While each of these is interesting to the right customers, the distributors that can clearly demonstrate the economic value of these capabilities consistently fare better than those who fail to understand in detail how much it really costs to deliver and how much it actually benefits their customers.
For example, the economic value may occur as lower operations costs, less cash utilization, or faster response times to end-user opportunities. As part of working with many distributors to develop value propositions, competitive positioning and growth strategies, we are helping clients go beyond traditional thinking by analyzing competitors and customers to uncover opportunities to differentiate and better fulfill the needs of the market. All of this requires primary research and detailed analysis such as the following:
What Value Is: Economic Value
For business customers, value is what the customer understands in terms of economic benefits compared to costs and compared to competitive alternatives. While consumer brands can often compete based on selling prestige and social status, or security and peace of mind, distribution customers must make purchase decisions that make financial sense. The art and science of communicating value, selling value and competing based on value is a discipline that requires knowing how to match what you offer to the customer’s needs and priorities based on economic constraints.
In particular, economic value includes multiple dimensions of tangible and intangible costs and benefits that must be understood in economic terms. If you can’t measure it and demonstrate it to your customers, someone else will. The obvious first aspect most customers and distributors think of is price, and both customers and distributors often fail to move beyond price discussions. For example, most customers know that there are many other costs related to the total acquisition and use of a product, such as labor costs, training costs, tooling costs, costs related to switching or substituting a product, maintenance costs and many others. Sophisticated buyers understand Total Cost of Ownership (TCO). Also, most large customers or frequent purchasers involve their own financial gatekeepers in the process who demand that the purchases be justified and that the transactions demonstrate expected benefits to the customer.
Value Analysis: Establishing economic value for customers is a business process that must be performed repeatedly for products, services, lines of business and other strategic activities. While the key management and senior sales personnel of most distributors have a good basic understanding of what customers want and need, years of primary research and interviews with actual customers show that many important aspects of what customers value most are often neglected or misunderstood.
The first step in establishing value as a key differentiation and a strategic advantage over competitors is to conduct fundamental research with customers and prospects to determine what they value most, and basic competitor research to understand how they position themselves in the market. It is important to realize that this type of analysis is not a one-time event but should be part of regular re-occurring measurement and analysis to track how well you are meeting customer expectations and uncovering new opportunities in your market.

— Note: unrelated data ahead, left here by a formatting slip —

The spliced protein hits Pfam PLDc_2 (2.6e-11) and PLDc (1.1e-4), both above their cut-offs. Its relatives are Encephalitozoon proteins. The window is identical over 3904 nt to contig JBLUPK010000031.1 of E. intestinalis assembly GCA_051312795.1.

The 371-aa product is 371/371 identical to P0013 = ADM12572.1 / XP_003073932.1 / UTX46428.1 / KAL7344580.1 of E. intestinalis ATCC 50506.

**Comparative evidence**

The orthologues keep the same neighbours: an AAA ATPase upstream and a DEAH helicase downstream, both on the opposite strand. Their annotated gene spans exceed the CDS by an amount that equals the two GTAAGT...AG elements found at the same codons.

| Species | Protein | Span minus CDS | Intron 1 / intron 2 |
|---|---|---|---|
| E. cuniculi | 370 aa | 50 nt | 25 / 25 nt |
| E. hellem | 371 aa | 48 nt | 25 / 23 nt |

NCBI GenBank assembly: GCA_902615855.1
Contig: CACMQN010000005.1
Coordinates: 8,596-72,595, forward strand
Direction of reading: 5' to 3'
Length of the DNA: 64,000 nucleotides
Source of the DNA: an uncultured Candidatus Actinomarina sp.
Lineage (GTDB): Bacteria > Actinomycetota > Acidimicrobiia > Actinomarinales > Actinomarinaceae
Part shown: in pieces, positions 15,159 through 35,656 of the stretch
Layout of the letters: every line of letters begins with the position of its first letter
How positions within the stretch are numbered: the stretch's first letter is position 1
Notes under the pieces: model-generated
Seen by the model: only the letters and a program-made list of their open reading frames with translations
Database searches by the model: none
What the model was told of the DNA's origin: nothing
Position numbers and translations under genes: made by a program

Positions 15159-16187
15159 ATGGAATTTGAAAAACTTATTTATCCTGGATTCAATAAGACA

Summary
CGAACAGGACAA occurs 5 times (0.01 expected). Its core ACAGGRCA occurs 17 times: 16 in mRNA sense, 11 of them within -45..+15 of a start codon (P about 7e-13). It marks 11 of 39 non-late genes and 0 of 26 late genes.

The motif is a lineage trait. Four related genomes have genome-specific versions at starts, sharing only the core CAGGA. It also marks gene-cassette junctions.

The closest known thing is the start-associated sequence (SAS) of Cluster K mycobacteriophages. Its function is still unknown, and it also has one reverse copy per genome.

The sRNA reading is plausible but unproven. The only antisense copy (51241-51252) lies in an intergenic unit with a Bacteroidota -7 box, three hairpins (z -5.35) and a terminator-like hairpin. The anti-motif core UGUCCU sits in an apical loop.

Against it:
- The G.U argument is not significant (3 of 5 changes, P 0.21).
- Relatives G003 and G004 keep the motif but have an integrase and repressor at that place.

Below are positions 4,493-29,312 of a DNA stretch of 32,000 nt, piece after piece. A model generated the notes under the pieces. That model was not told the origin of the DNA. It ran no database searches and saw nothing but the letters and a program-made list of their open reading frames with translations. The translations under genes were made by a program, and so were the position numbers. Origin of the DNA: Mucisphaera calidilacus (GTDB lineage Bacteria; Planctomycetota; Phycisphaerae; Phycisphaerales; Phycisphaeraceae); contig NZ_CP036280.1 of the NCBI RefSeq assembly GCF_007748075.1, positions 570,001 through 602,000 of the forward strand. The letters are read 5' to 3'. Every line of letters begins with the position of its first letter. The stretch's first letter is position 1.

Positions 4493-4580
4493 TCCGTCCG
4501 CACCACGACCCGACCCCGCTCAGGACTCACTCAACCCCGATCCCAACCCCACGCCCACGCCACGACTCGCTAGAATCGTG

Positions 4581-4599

Value Modeling: Based on the initial research, distributors should consider modeling or otherwise estimating how your offerings deliver business value to customers as a way of validating your assumptions and as a way of getting customers to buy in to your competitive value. At a minimum, this process provides a business case to justify purchase. In other ways this process can simplify the decision-making process, shorten the sales cycle and exclude competitors.
Over the years, we have developed financial calculators and modeling tools that distributors have used successfully to win business over competitors. In the “new normal” market environment, this can be especially valuable to sell more value-added services by illustrating the financial benefits to customers. A detailed understanding of what services cost and how much they benefit customers is an essential part of what is required to succeed with services by “productizing” them and making services a strategic part of the business.
Value Pricing: For the distributor, one of the most important gains from understanding what the customer values is the ability to be compensated fairly for your value. Specifically, the overall goal of value-based marketing is to maximize revenue, profits and growth. This may be measured minimally on a transaction basis to ensure strong margins and profitability.
Over a longer term, the impact on customer lifetime value through customer loyalty and on bottom-line profits is more significant. Value-based pricing is both strategic and opportunistic. As we have worked with clients, we have shown how small percentages of pricing optimization improve bottom lines, which in turn strengthens cash flow and ultimately increases the enterprise value when it comes time to raise financing or in a merger or sale.
At Distribution Strategy Group, we’ve been teaching people how to identify, reach and engage customers more effectively for years as the go-to provider – by offering what customers truly want and need, and getting compensated well for what you deliver. Reach out today.
As always, we welcome your feedback. Please feel free to post a comment below or you can email me at firstname.lastname@example.org.